There are generally three approaches that Christians have taken when it comes to their surrounding cultures:
- 1) Rejection, resistance, and hostility: This approach sharply distinguishes the Church from the world, emphasizing that the Church is so much “not of this world” that the world must be fled and an alternate community established. It is a posture that is fully closed to the world — neither in the world nor of the world.
- 2) Accommodation, adaptation, and merger: This approach asks the world what its problems are and then revises Christian faith and practice in order to bring care and comfort to those around the Church. It is a posture that is fully open to the world — both in the world and of the world.
- 3) Engagement, selection, and transfiguration: This approach sees what is good in the world and highlights that, seeking to interpret all things so that all might be pointed to Christ, so that everything might be baptized and transfigured to reveal Christ. It is a posture that has a discerning openness to the world — in the world, but not of the world.
I believe that #3 is the authentic Christian witness, the one witnessed to in the Scripture and the Church Fathers. Both #1 and #2 have truth in them, and what truth they have should not be ignored. But the best of what they have to offer is already in #3, and the worst of what they have to offer is really based in fear — #1 is afraid of the world, and #2 is afraid of the Church.
One of our great difficulties these days is that #3 is invisible to so many Christians. Those burned by #1 say that #2 is the only response. Those alarmed by #2 feel security only in #1.
But Christianity is precisely on a mission to this world, which means that the Church enters the world and brings Christ into it.
The Church does not (#1) stand inside a fortress on a high hill and, like those taunting French knights in “Monty Python and the Holy Grail,” ridicule the world because they’ve already got everything that the world can only hope to attain.
And the Church does not (#2) go into the world and ask how the Church can become more palatable, more accommodating to the world, seeking to do “whatever brings them in,” whatever appears to be the thing that the culture needs.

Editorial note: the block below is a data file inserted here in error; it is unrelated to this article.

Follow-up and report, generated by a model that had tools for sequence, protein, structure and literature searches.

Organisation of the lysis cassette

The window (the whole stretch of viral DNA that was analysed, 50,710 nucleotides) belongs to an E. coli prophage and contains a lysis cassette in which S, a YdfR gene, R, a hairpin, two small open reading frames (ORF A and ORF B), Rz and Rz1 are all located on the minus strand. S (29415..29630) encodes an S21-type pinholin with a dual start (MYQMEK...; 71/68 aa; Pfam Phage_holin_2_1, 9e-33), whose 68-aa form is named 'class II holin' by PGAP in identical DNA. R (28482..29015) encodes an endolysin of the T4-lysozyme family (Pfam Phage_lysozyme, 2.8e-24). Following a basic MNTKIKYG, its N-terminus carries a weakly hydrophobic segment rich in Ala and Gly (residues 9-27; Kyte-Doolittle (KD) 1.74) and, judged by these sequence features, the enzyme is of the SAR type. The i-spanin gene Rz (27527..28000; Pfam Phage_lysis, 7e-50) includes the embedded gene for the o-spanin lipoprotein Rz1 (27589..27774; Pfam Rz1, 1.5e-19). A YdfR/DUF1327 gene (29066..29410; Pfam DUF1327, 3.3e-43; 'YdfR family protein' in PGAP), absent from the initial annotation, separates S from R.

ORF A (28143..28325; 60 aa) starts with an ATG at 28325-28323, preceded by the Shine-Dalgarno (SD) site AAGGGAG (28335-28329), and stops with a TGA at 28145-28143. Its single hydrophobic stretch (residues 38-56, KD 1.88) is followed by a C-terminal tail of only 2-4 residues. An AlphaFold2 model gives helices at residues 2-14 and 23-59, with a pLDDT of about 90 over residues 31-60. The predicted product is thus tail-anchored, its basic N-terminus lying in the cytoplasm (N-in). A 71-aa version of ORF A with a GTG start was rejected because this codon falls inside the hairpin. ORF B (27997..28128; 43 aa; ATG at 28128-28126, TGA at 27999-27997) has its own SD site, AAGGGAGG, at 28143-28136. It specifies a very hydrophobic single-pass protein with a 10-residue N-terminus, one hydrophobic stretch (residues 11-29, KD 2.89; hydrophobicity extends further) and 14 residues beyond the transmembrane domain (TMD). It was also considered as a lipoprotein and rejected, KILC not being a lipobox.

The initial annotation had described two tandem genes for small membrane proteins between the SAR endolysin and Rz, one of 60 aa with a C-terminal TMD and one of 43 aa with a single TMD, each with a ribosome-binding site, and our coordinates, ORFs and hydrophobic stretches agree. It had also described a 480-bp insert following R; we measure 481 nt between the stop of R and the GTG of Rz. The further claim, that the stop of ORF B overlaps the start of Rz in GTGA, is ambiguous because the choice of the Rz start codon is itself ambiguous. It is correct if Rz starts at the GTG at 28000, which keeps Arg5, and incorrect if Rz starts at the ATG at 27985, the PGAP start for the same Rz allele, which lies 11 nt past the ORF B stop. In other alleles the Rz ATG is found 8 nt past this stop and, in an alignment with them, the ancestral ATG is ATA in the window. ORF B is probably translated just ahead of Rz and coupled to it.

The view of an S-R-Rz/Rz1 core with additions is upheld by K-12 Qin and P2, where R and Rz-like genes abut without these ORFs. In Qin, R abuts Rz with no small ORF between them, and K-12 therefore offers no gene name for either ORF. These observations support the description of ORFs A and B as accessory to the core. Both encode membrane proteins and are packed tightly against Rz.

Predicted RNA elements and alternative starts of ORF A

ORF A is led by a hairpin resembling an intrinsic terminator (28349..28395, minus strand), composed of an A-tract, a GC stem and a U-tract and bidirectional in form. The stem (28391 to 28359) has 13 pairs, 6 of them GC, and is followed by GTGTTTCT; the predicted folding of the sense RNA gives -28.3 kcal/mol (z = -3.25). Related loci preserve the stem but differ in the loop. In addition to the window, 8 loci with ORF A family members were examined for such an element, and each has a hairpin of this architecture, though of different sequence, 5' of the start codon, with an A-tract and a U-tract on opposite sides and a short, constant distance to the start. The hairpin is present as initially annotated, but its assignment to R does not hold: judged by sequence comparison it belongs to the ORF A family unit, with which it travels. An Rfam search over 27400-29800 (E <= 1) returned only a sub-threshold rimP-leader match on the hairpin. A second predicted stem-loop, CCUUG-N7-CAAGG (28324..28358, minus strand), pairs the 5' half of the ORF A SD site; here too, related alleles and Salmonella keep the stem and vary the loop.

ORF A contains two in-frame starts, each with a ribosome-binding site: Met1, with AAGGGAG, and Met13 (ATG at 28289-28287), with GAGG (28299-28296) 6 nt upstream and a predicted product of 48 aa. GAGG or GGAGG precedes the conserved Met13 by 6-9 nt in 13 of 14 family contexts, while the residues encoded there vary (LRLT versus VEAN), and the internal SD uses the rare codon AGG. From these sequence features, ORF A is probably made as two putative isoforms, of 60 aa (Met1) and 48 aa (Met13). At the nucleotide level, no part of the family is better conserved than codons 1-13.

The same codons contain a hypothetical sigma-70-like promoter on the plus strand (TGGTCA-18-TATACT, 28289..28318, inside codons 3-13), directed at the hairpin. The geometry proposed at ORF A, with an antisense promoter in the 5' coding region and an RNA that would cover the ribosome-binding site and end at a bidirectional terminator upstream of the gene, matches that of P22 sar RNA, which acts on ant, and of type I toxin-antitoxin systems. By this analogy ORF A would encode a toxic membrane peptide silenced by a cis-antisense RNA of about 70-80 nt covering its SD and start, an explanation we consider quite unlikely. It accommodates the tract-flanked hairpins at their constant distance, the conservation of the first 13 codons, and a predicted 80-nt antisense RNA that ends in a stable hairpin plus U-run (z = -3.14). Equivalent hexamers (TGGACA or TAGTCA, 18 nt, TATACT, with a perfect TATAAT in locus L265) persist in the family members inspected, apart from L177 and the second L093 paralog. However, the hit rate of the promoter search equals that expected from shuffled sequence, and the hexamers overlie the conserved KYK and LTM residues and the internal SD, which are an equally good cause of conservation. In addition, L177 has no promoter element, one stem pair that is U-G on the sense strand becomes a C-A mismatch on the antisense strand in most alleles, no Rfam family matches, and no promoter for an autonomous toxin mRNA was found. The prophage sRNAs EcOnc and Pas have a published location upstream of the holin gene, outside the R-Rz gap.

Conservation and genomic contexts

No, the Church is on a mission (#3), which means entering the world and bringing Christ, engaging with what the world is doing and showing how all creation is meant to point us to Christ, even in its fallen state, even in mankind’s broken and basest desires. Those desires are ultimately for Christ, but they are misdirected into addictions and failures.
If there is anything our Christmas celebrations teach us, it is that this world is not so low or base that God would not Himself become part of it, taking on even its materiality so that God would be revealed.
And if there is anything that our Theophany celebrations teach us, it is that the power of the cross goes forth into creation, that the blessing of the Jordan flows into this world and transforms it.1
And if there is anything that our Pascha celebrations teach us, it is that our Savior and God Jesus Christ will invade even the gates of Hades, that darkest, most Godforsaken place, and shine the light of truth and love even into death itself.
- In traditional Orthodox Christian practice, the service of the Outdoor Blessing of the Waters finds its climax in the throwing of a cross into a body of water. The blessing of water (even indoors) also includes dipping a cross into the water and making the sign of the cross in the water. Theophany is the feast of the Baptism of Jesus.